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Discussion Starter #1
Ok, so I have to admit that when I ordered my Tekna 1.6 Auto I had no idea what CVT was.
I have not been able to test drive the auto Juke as none of the dealers around here have one. Whilst checking my delivery date with my dealer today (he still manages a smile as I walk through the door) he suggested I try the Qashqai CVT. Great Idea.For those of you who, like me, haven't driven one - all I can say is its fantastic. Into drive, foot down, smooth as silk. No notion of changing gear either up or down the box just constant smooth driving.
I am so glad I ordered the CVT. The wait has now become REALLY worth it.
My 2.7 Terrano Auto now seems so.................................. Jerky. Loved it before. Oh Well not long to wait.
 

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My current car (Honda Jazz) is CVT. Its a very smooth runner.
Its actually what drew me to the Juke, the newer Honda Jazz is an I-shift which was not a smooth run.
 

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Interesting, thanks Mick. It was the CVT that put me off having an auto. I've read they hunt for gears. I've previously had 2 DSG boxes and the CVT looked like a backwards step to me
 

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if i am correct the CVT idea is old, I remember it being hailed as the best thing since sliced bread back in the 80's when Ford put it in a fiesta
sure it has been much improved these days
 

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I think there are two CVT's available. The one on the 2wd is a simple CVT with no fixed ratios. On the 4wd, the CVT has 6 manually selectable fixed ratios, so you use it as a steptronic if you wish. It is very similar to one on the Quasquai that we test drove to check out the quality of the transmission. It was fine with me and I am used to the full 6 speed automatic box on a 3 Series BMW.

My wife is having the 4wd when it arrives from Japan, probably early next year, colour force red. Having a test drive of the manual2wd tomorrow.
 

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roger48,
my bottom is twitching!!
You say your wife is having the 4WD when it arrives from Japan, probably early next year, colour Force Red.
That is my spec. totally and am told end November, this year!!
Can you explain a little more fully, please.
Thanks.
 

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I can help you on that one you are in Spain roger46 in in UK
Uk spec cars are delayed due to an upgrade needed in alram system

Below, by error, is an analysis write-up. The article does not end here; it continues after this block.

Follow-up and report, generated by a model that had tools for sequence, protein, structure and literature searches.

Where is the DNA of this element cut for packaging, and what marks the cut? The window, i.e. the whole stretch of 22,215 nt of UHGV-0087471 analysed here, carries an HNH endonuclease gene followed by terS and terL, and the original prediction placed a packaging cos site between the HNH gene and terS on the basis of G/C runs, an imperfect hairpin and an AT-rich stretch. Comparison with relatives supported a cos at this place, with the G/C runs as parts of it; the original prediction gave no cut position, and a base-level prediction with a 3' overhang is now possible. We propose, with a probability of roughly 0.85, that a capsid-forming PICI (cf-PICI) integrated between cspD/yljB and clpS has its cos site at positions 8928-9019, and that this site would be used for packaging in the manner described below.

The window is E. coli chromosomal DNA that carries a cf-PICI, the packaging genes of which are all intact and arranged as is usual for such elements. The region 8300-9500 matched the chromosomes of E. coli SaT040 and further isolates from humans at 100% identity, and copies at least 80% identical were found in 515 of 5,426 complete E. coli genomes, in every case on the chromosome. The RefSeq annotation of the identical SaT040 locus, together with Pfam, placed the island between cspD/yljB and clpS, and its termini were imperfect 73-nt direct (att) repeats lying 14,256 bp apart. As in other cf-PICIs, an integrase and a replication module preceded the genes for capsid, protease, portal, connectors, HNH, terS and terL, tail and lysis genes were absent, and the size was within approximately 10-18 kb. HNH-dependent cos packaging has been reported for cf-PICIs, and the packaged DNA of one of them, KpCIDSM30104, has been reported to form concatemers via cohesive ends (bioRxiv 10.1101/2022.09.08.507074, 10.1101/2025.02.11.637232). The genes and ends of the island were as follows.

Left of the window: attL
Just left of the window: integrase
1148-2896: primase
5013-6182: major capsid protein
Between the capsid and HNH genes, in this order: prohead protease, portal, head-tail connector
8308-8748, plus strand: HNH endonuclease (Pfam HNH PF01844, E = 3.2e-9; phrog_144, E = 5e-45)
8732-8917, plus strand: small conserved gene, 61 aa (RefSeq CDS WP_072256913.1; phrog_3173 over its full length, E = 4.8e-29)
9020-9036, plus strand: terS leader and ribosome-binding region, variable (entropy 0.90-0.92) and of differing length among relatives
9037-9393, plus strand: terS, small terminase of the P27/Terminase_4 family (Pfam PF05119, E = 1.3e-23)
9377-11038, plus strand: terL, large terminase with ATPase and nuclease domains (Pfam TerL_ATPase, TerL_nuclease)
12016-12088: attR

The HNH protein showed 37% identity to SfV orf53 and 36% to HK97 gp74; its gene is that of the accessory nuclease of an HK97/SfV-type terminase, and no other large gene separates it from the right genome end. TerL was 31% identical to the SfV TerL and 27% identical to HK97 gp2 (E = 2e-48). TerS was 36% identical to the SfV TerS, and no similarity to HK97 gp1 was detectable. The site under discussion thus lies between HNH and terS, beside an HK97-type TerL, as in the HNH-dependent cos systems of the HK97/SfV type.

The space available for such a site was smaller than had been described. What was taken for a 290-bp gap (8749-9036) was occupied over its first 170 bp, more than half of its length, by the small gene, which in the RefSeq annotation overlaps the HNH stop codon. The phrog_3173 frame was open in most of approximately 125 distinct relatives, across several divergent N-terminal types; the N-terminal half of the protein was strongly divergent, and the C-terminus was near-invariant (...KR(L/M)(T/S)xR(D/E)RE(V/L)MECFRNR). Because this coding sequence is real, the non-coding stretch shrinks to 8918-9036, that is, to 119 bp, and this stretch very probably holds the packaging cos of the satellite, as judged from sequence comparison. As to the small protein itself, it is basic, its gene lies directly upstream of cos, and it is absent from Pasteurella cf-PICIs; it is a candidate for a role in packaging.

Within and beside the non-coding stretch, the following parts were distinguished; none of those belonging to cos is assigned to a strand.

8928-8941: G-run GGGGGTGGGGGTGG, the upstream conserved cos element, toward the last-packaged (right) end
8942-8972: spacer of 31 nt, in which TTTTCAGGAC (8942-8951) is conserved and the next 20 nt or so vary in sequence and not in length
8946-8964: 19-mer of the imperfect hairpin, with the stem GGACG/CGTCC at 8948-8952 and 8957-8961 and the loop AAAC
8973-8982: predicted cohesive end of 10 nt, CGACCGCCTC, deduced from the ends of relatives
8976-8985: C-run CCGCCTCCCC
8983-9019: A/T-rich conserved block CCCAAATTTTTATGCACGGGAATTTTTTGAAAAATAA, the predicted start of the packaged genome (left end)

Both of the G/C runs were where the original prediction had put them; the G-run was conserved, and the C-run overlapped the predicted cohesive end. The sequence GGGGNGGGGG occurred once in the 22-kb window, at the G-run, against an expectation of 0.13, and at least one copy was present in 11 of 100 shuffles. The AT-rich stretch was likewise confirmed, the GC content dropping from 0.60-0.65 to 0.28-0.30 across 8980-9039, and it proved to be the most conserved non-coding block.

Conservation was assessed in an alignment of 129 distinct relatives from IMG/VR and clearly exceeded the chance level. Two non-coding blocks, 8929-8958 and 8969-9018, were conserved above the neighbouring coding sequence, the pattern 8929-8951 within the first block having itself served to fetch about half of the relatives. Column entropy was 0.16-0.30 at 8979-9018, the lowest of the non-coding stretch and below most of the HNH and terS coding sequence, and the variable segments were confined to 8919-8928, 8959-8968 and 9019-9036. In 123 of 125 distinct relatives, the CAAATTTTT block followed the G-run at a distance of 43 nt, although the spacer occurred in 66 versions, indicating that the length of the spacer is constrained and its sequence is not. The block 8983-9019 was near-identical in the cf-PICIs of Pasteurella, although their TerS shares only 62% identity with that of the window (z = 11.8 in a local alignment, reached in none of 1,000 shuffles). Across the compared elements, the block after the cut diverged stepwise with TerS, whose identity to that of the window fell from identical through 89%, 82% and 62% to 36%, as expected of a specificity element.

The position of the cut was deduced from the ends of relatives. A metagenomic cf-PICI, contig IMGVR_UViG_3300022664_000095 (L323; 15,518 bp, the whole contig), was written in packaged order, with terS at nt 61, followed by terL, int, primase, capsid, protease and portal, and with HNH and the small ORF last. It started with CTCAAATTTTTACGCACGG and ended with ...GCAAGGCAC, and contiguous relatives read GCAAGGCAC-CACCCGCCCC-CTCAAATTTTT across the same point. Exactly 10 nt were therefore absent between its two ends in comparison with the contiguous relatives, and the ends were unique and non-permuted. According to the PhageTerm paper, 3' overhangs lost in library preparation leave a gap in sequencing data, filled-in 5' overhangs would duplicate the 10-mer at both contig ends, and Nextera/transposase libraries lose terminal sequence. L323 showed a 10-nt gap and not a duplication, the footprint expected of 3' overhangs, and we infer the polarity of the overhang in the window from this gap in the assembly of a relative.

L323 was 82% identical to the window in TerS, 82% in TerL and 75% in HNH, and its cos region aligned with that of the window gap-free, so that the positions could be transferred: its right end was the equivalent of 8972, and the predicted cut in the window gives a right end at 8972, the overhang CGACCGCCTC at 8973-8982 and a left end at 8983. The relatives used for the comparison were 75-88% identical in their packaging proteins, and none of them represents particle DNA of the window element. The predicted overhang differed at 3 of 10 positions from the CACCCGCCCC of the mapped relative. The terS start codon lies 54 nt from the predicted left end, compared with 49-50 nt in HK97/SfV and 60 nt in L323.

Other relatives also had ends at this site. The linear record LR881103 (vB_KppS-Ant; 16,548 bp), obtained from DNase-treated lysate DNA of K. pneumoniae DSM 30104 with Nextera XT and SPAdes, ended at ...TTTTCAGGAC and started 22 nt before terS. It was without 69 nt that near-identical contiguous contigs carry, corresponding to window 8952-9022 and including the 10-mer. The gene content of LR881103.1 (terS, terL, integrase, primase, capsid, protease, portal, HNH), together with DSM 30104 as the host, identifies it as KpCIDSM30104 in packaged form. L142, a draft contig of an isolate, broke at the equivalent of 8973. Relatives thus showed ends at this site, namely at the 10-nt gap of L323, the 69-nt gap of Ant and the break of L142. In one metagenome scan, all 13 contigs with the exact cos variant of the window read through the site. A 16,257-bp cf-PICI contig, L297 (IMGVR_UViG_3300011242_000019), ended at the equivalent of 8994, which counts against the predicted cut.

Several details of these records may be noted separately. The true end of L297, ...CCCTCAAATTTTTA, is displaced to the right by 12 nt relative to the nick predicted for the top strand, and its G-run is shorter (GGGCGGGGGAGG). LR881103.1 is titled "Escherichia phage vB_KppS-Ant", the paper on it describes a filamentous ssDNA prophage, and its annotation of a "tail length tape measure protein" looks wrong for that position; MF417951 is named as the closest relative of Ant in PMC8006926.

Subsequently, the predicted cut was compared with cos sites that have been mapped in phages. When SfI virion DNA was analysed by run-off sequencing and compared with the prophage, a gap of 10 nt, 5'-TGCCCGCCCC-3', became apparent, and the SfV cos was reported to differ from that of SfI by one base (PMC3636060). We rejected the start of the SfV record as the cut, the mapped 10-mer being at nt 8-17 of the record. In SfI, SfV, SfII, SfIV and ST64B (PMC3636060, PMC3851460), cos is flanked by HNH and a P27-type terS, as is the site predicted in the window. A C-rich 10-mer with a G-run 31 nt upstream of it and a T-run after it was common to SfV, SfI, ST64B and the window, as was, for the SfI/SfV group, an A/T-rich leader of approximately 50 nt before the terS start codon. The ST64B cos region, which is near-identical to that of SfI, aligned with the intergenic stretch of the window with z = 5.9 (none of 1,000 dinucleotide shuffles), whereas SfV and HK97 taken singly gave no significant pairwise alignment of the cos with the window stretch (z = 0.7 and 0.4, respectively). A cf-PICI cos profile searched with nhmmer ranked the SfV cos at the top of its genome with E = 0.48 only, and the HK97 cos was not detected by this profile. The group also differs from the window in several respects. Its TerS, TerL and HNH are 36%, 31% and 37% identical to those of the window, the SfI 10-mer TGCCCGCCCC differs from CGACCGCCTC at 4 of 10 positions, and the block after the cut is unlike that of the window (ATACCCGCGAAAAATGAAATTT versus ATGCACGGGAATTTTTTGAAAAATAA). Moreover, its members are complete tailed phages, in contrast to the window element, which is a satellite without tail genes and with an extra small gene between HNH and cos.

and as the 4x4 is made in Japan technically Spain is nearer than Uk by boat

sorry for butting in
regards
 

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In addition to what deks has said, the 4x4 was originally going to made available to the UK just before xmas - I think thats still the case
 

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becks36,
please don´t apologise!
After reading your kind response, the palpitations ceased, as did the twitching in the nether region!!
 

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I was in the dealers in Montrose week past Saturday and he says he is giving me a shout to test out the 4wd auto when it comes in as demonstrator in December so... watch this space.

My wife and I are keen to get one as we have a Hinda Civic Hybrid just now with a CVT box. No problems whatsoever.

DAF and then Volvo had CVTs back in the eighties and there was no problem with them although, they did benefit from the 2 litre petrol engine they were matched to but, I think that was because the little 300 series Volvos (which were originally DAFs) were a bit heavy.

The newer CVTs still take a bit of winding up to work properly so, it will be interesting to drive the car when it arrives.

Interesting comment about the CVT on the 4wd being 6 fixed ratios. It can't be a CVT then as CVT means constantly variable. As far as I know there were only ever two kinds of CVT - one that was belt driven and the other that was chain driven.

The Juke auto will be my 7th automatic and the second one from Nissan. I had a 1.6 litre Sunny back in early nineties with a 'standard' auto box and it was very smooth as well. Although you could hear the gears changing you could never 'fee' them changing.
I believe that if you can feel gears changing in an auto box then it is not set-up correctly.

I had two Fiat Pandas around late eighties into early nineties that both had CVT gearboxes and again they were a dream to drive. The little cars would go like the clappers up to 30 mph and then start to run out of steam but, they were still very much fun to drive and at full motorway speeds as well. I have had the Pandas all over Scotland and England with no breakdowns that other Fiats were famous for and no sore backs compared to the likes of the Focus I had on a weekend trip a while back and they are supposed to be great cars... tuh!!!

So, the CVT (if that's what is in the 4wd) should make the Juke a great car to drive with a turbo backing it up.
 

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Discussion Starter #14
Found this interesting but it is a long article..........


Some say you can't teach an old dog new tricks. But the continuously variable transmission (CVT), whichLeonardo da Vinciconceptualized more than 500 years ago and is now replacing planetaryautomatic transmissionsin some automobiles, is one old dog that has definitely learned a few new tricks. Indeed, ever since the first toroidal CVTpatentwas filed in 1886, the technology has been refined and improved. Today, several car manufacturers, including General Motors,Audi,HondaandNissan, are designing their drivetrains around CVTs. The different types of CVTs: pulley-based, toroidal and hydrostatic.<h1 ="articlePageTitle" style="font-family: Arial, Helvetica, sans-serif; margin-top: 0px; margin-right: 0px; margin-bottom: 5px; margin-left: 0px; padding-top: 0px; padding-right: 0px; padding-bottom: 0px; padding-left: 0px; border-top-width: 0px; border-right-width: 0px; border-bottom-width: 0px; border-left-width: 0px; border-style: initial; border-color: initial; vertical-align: line; font-weight: bold; font-size: 16px; ">